Cultivate keeps holiday shopping local with arts guide

    Nonprofit will feature everything from fine art and jewelry to musicians and apparel.

    As the holiday season approaches, shoppers are looking for that perfect, one-of-a-kind gift. Mallory Shotwell, Cultivate director and founder, is hoping to showcase local artists and businesses who can offer exactly that.

    For the first time ever, Cultivate, a nonprofit arts and education organization in Grand Rapids, is offering a local artist holiday guide. This inaugural publication will feature area artists and small businesses within 100 miles of the city in one comprehensive list of makers.

    The holiday guide will be available both online and in magazine form and Cultivate is hoping to reach between 250,000 and 375,000 readers. The physical copy will be available at local businesses such as hotels, artist markets, tourism agencies and interior design firms.

    Shotwell said she is hoping to recreate that childhood feeling of flipping excitedly through a toy catalog and dog-earing the pages that stand out. “But for adults who want to buy local art,” she added. “(Just) flip through it and (say), ‘Oh, that’s gorgeous. I want that,’ and circle it, but you’re an adult.”

    So far, Shotwell said more than 115 artists had applied (free of charge) to be included in the holiday publication. She said “any and all” types of artists were encouraged to apply. According to the application, the organization accepted anything from fine art to home goods, apparel and bath and body items like soaps and lotions.

    Currently, the artist lineup includes paintings, stone jewelry and even local musicians, as well as boutiques and art galleries in the Grand Rapids area and a map of every art fair and market.

    “One thing that we’ve really noticed is, there are so many different options for where to find art events going on around town,” Shotwell said. “There’s lots of different ways, but one way that we hope to connect and support is by providing that one single list where people don’t have to search five or six different sites. They have one central location.”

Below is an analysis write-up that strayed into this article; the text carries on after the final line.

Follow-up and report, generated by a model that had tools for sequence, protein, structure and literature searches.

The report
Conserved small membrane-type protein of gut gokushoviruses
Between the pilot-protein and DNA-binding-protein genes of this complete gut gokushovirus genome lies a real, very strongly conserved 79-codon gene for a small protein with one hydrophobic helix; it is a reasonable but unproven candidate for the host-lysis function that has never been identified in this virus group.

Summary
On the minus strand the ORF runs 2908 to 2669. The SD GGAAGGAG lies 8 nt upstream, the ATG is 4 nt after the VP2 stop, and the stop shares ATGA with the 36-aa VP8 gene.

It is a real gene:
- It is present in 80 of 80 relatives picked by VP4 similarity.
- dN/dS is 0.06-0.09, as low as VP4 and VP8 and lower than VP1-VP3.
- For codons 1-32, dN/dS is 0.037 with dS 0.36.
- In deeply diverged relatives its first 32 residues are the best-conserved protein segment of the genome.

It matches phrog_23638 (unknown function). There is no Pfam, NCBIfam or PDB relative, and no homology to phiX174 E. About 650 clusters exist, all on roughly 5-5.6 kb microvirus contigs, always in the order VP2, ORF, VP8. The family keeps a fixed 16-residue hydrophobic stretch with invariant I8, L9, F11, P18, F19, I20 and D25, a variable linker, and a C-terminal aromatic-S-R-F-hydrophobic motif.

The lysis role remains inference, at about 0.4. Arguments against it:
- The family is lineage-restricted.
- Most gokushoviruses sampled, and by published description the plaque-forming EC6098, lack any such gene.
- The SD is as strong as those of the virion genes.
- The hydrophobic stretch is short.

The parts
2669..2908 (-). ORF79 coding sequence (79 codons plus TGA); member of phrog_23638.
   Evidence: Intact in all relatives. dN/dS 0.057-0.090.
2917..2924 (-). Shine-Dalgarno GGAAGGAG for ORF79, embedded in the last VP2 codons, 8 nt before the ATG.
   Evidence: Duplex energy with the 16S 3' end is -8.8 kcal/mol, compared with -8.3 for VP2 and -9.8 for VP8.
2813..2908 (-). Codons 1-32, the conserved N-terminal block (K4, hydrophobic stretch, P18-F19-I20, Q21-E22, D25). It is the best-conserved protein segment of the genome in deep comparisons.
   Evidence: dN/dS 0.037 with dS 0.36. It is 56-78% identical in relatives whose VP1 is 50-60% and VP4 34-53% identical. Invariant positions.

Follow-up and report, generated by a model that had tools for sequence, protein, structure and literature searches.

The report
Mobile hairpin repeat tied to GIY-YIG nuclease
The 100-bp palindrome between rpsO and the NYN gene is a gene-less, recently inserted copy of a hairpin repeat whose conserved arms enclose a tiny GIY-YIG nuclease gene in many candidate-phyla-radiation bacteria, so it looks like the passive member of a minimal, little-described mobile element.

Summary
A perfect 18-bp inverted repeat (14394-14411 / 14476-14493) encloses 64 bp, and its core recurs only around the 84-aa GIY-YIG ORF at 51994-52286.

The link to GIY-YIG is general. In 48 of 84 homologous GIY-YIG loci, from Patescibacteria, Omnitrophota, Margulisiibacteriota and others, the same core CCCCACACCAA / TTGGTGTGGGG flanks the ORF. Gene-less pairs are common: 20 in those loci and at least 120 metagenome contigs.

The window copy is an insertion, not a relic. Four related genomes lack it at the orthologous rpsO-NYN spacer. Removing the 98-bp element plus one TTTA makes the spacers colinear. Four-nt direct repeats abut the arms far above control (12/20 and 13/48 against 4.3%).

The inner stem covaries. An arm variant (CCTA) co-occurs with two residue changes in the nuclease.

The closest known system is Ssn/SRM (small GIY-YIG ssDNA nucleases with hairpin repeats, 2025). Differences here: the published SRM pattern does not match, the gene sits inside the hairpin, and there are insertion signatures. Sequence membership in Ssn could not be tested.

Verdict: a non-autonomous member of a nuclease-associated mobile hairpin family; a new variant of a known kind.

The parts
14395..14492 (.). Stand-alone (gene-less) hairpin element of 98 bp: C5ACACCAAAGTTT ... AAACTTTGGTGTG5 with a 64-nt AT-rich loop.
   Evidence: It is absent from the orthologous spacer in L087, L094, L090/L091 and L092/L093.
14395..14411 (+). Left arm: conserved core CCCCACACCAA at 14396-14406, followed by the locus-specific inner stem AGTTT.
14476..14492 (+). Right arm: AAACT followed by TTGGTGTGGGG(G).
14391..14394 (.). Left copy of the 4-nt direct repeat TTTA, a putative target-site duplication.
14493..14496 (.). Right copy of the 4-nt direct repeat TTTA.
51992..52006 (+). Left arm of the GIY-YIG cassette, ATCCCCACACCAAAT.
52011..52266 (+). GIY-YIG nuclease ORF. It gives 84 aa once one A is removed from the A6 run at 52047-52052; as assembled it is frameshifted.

With this comprehensive guide, Shotwell and the Cultivate team hopes to keep holiday shopping local and connect buyers directly to artists.

    She said the guide is for anyone “who wants to support local (arts/businesses) but doesn’t know where to start and maybe a market feels overwhelming. This is something that you can easily do with one full guide from the comfort of your home, instead of going to Target, if you will.

    “I think really, people often don’t know where to start. So (we are) creating that sense of engagement where people do have that connection with amazing galleries and boutique shops in the community and sharing both the artists and their work and process.”

    The magazine will include artist information such as business or artist name, website information that will be linked in the digital version and a photo of their work.

    Shotwell said the magazine will be “categorized by different things, whether that’s a stocking stuffer or fine art or apparel or jewelry, and people can easily sift and find exactly the thing that they want from a local artist within a hundred miles.”

    According to Shotwell, this publication is planned to be an annual offering, joining Cultivate’s roster of magazines and local guides the organization will be rolling out over the next year, including an artist resource publication.

    Often, Shotwell said, artists who are attempting to support themselves with their work are unsure how to start or how to tackle the business aspects of marketing themselves and their product, managing funding and reaching an audience successfully. Cultivate’s holiday guide, among other initiatives the organization is planning, will help artists and makers who are small business owners in the area to connect with people looking for their products.

    “Like any mom and pop store, like any brick and mortar store, we (artists) are hard-working, independent business owners,” she said. “Oftentimes, the arts can be perceived as an easy career where we’re just sitting around and painting all the time. But really there’s a lot of amazing business and a lot of work that goes into it and (we need to) really value that, similar to any other small business, whether that’s a plumber or a lawyer with a private practice.”

    From Shotwell’s perspective, taking the time to value and support local creators and artists is important to the economy as well.

    “It really is (not only) keeping money in our local economy, but it’s keeping money in our local creative economy, and it’s keeping that economy and these businesses alive,” she said. “And that has such an amazing trickle-down effect where not only are people empowered within their own tiny small businesses or their own homes or the studio that they work in, but they’re also inspiring new artists that felt like maybe they couldn’t do it.”

    The inaugural Cultivate holiday local artist guide will be curated entirely by the Cultivate team and will be available digitally on Nov. 5 and in print on Nov. 12.

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